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Lillian here, hosting Poetics from beautiful Provincetown, at the very tip of Cape Cod, ready to have you compound me!

Compound words are an interesting part of the English language. Compounding occurs when two or more root words are joined together to form a new word. The most common are double compound words, however there are some triple compound words as well. In some cases, compound words are hyphenated; in many, there is no hyphen. For example: outdoorsmanship, and jack-in-the-box: two examples of triple compound words, one without hyphens, one with hyphens.

Today, I want you to compound me! BUT, there’s several tricks/requirements to this prompt.

  1.  I want you to choose at least one compound word from the list below to use in your poem. You may choose to use more.
  2. FOR EACH COMPOUND WORD YOU DO USE, I want you to take apart the compound word within your poem. You can do that by a) putting the first half of the compound word at the end of a line and the second half of the compound word immediately at the beginning of the next line OR b) by separating the two halves of the compound word with punctuation. You MUST separate the two root words that make up the compound word.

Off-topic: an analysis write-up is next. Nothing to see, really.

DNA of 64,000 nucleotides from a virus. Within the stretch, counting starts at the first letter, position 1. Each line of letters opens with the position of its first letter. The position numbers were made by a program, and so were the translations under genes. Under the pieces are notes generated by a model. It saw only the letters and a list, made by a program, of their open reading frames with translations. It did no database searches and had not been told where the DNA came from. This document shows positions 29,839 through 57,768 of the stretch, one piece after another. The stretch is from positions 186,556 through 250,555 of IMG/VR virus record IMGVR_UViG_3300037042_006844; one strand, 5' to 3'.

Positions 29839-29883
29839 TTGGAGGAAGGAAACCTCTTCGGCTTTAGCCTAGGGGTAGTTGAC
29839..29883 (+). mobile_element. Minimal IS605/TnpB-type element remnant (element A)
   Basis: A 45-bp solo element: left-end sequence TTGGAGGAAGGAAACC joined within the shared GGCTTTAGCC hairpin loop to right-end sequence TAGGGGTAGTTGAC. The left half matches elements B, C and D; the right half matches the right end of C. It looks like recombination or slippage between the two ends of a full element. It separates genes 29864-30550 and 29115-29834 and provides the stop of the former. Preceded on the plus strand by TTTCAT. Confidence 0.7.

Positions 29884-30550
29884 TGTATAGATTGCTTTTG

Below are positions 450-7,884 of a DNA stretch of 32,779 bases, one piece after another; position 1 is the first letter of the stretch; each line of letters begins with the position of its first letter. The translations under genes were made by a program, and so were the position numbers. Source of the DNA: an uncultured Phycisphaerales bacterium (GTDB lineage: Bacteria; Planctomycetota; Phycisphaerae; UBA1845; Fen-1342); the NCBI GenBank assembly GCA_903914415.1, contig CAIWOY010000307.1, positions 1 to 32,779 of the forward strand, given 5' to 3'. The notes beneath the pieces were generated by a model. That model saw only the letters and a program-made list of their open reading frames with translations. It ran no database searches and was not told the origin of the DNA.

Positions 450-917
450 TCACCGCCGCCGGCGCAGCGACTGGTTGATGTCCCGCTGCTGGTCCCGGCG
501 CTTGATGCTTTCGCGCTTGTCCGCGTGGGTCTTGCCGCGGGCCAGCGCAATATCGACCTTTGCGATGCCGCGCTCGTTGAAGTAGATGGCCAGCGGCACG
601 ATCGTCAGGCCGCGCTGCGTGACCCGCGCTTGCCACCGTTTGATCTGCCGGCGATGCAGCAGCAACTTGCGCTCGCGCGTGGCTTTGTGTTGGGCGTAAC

3. You may  NOT put additional words between the two root words, and you may NOT add a letter to either of the root words.
  4. In other words, the root words must be used exactly as they appear in the compound word!

Here’s the list you can choose from:

Here’s a quick example of what I’m looking for, using the compound word starlight:
I looked up and saw a single star.
Light my way tonight, I prayed.

I’m excited to see what you do with the prompt. So go ahead and compound me!

New to dVerse?  Need to be refreshed on the rules?

Here’s what to do:

  • Write a poem that includes at least one of the compound words listed above, following the caveats given in steps 2, 3 and 4.
  • Post the poem to your blog AND add the exact URL for your poem to Mr. Linky below.
  • REMEMBER to either TAG dVerse in your post, or include a link at the end of your poem that leads readers back to dVerse (https://dversepoets.com).
  • If you do not TAG or include a link to dVerse at the end of your poem, I will gently remind you to add it and then, sadly, if you do not, I will have to delete your post from Mr. Linky. Sorry to be so tough on the rules…..but truly, this is how we extend the reach of dVerse and how you get more readers as well!
  • Finally, we hope you’ll tour around Mr. Linky and read and comment on the posts of others. It’s always nice to get some feedback!

Photos taken on three of our annual stays here in Provincetown. Last one is from our deck yesterday. Same rental property for 22 years. Ptown never disappoints.